These tips may help you control high eye pressure or promote eye health.
Sept. 15, 2015
- Eat a healthy diet. Eating a healthy diet can help you maintain your health, but it won't prevent glaucoma from worsening. Several vitamins and nutrients are important to eye health, including those found in dark, leafy greens and fish high in omega-3 fatty acids.
- Exercise safely. Regular exercise may reduce eye pressure in open-angle glaucoma. Talk to your doctor about an appropriate exercise program.
- Limit your caffeine. Drinking beverages with large amounts of caffeine may increase your eye pressure.
- Sip fluids frequently. Drink only moderate amounts of fluids at any given time during the course of a day. Drinking a quart or more of any liquid within a short time may temporarily increase eye pressure.
- Sleep with your head elevated. Using a wedge pillow that keeps your head slightly raised, about 20 degrees, has been shown to reduce intraocular eye pressure while you sleep.
Take prescribed medicine. Using your eyedrops or other medications as prescribed can help you get the best possible result from your treatment. Be sure to use the drops exactly as prescribed. Otherwise, your optic nerve damage could get even worse.
Because some of the eyedrops are absorbed into your bloodstream, you may experience some side effects unrelated to your eyes. To minimize this absorption, close your eyes for one to two minutes after putting the drops in. Or press lightly at the corner of your eye near your nose to close the tear duct for one or two minutes. Wipe off any unused drops from your eyelid.
- AskMayoExpert. Glaucoma. Rochester, Minn.: Mayo Foundation for Medical Education and Research; 2015.
- AskMayoExpert. Glaucoma (pediatric). Rochester, Minn.: Mayo Foundation for Medical Education and Research; 2014.
- Glaucoma. American Optometric Association. www.aoa.org/Glaucoma.xml. Accessed July 23, 2015.
- Glaucoma. Merck Manuals Professional Version. www.merckmanuals.com/professional/SearchResults?query=glaucoma. Accessed July 23, 2015.
- Information for healthy vision. National Eye Institute. https://nei.nih.gov/healthyeyes/eyehealthtips. Accessed July 30, 2015.
- Weinreb RN, et al. The pathophysiology and treatment of glaucoma: A review. JAMA. 2014;311:1901. http://www.clinicalkey.com. Accessed July 22, 2015.
- SooHoo JR, et al. Minimally invasive glaucoma surgery: Current implants and future innovations. Canadian Journal of Ophthalmology. 2014;49:528.
- Lazzaro EC, et al. The effect of positional changes on intraocular pressure during sleep in patients with and without glaucoma. Journal of Glaucoma. 2014;23:282.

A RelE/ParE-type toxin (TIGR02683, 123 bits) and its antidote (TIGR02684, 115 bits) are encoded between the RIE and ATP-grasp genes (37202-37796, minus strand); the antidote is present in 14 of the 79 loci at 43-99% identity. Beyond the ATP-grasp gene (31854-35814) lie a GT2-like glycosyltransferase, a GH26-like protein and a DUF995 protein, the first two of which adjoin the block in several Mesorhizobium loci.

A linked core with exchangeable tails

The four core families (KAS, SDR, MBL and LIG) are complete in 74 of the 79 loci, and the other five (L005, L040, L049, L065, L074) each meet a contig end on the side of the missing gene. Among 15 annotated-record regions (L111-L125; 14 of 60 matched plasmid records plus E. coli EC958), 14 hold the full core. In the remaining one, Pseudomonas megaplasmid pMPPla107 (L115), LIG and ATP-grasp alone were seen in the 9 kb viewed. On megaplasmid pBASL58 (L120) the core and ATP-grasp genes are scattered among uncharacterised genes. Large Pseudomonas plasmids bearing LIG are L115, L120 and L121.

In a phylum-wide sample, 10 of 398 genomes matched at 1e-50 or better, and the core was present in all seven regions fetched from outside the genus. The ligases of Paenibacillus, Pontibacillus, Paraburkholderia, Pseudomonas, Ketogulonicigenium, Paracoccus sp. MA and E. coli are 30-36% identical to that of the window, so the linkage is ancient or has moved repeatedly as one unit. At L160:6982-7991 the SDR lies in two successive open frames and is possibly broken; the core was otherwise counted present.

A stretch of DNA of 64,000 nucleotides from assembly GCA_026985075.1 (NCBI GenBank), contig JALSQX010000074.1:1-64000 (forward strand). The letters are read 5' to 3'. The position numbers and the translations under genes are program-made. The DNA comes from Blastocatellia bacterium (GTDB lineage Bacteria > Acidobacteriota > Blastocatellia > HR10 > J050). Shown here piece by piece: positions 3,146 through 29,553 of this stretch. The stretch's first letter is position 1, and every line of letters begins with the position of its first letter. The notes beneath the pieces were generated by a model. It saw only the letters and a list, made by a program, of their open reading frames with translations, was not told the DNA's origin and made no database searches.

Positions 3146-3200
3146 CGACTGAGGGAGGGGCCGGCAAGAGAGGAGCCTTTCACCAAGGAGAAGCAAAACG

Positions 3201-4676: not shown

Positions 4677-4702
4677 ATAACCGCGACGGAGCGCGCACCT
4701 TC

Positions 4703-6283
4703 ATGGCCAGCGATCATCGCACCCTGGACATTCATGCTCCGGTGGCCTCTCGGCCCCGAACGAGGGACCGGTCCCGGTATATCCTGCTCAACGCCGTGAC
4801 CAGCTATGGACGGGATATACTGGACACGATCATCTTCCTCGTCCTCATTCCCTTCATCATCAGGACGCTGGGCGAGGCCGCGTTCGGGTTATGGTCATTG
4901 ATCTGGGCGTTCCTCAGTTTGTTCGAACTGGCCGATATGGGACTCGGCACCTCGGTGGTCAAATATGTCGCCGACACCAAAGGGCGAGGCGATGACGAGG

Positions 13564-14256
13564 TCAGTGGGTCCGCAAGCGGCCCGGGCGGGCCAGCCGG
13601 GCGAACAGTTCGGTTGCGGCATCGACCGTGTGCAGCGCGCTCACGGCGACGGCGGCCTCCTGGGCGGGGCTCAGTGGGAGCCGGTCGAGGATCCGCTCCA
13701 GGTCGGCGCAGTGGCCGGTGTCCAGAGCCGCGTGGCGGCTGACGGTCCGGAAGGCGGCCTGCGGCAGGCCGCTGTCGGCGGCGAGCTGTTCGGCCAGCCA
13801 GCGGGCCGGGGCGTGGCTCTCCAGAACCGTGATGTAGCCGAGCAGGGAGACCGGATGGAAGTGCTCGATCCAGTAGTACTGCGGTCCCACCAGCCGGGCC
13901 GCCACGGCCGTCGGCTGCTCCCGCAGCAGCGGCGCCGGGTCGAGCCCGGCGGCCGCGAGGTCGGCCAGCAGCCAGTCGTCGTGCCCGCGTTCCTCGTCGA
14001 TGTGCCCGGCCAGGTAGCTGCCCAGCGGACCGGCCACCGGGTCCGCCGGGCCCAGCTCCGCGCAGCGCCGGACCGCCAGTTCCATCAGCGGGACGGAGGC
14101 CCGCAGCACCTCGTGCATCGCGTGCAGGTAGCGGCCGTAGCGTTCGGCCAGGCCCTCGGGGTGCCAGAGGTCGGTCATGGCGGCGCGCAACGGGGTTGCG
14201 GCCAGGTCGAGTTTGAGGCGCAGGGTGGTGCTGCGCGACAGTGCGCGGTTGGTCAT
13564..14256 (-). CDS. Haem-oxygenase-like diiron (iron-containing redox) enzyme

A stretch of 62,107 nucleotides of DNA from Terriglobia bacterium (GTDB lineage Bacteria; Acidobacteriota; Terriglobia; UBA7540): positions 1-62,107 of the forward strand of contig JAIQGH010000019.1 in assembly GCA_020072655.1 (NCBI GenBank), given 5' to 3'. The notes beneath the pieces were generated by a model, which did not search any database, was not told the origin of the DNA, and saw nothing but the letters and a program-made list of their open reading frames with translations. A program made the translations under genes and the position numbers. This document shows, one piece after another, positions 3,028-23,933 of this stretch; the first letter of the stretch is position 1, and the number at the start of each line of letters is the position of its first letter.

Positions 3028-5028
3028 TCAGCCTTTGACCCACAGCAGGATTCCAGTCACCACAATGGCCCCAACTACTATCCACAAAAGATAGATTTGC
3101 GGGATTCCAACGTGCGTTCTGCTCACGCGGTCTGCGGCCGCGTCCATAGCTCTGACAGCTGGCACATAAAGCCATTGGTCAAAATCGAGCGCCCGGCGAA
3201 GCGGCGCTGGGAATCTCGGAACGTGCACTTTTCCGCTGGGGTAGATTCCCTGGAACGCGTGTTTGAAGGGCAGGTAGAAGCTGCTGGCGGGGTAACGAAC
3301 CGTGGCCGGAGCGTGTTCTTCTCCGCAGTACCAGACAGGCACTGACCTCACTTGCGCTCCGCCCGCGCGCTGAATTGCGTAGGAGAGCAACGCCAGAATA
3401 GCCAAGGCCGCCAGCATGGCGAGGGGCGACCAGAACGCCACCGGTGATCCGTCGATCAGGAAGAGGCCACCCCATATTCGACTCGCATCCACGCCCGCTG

- Yanoff M, et al., eds. Which therapy to use in glaucoma? In: Ophthalmology. 4th ed. Edinburgh, U.K.: Mosby Elsevier; 2014. http://www.clinicalkey.com.
- Vajaranant TS, et al. Risk of glaucoma after early bilateral oophorectomy. Menopause. 2014;21:391.
- Malihi M, et al. Long-term trends in glaucoma-related blindness in Olmsted County, Minnesota. Ophthalmology. 2014;121:134.
- Facts about glaucoma. National Eye Institute. http://www.nei.nih.gov/health/glaucoma/glaucoma_facts.asp. Accessed July 23, 2015.
- Bower TN, et al. Canadian ophthalmologists' opinions concerning complementary and alternative medicine (CAM) use in glaucoma. Journal of Glaucoma. 2014;23:430.
- Sit AJ. Evaluation and adoption of new technology in glaucoma surgery. American Journal of Ophthalmology. 2014;157:263.
- American Academy of Ophthalmology. Preferred practice pattern: Primary open-angle glaucoma summary benchmark; 2014. http://www.aao.org/summary-benchmark-detail/primary-openangle-glaucoma-summary-benchmark--octo. Accessed July 27, 2015.
- Alpha-linolenic acid. Natural Medicines Comprehensive Database. www.naturaldatabase.therapeuticresearch.com. Accessed July 30, 2015.
- Glaucoma: Screening. U.S. Preventive Services Task Force; 2013. http://www.uspreventiveservicestaskforce.org/uspstf/uspsglau.htm. Accessed July 27, 2015.
- Medication guide. Glaucoma Research Foundation. http://www.glaucoma.org/treatment/medication-guide.php. Accessed July 23, 2015.
- Alternative medicine. Glaucoma Research Foundation. http://www.glaucoma.org/treatment/alternative-medicine.php. Accessed July 23, 2015.
- Waisbourd M, et al. Selective laser trabeculoplasty as a first-line therapy: A review. Canadian Journal of Ophthalmology. 2014;49:519.
- Does marijuana help treat glaucoma? American Academy of Ophthalmology. www.geteyesmart.org. Accessed April 24, 2015.
- Drug monograph: Marijuana, medical. Gold Standard. https://www.clinicalkey.com. Accessed July 23, 2015.
- Volkow ND, et al. Adverse health effects of marijuana use. New England Journal of Medicine. 2014;370:2219.
- Glaucoma. Natural Medicines Comprehensive Database. http://naturaldatabase.therapeuticresearch.com. Accessed July 22, 2015.
- Ferri FF. Glaucoma, open-angle. In: Ferri's Clinical Advisor 2016. Philadelphia, Pa.: Mosby Elsevier; 2016. https://www.clinicalkey.com. Accessed July 23, 2015.
- Lumigan. U.S. Food and Drug Administration. http://www.accessdata.fda.gov/scripts/cder/drugsatfda/index.cfm?fuseaction=Search.Label_ApprovalHistory. Accessed Aug. 24, 2015.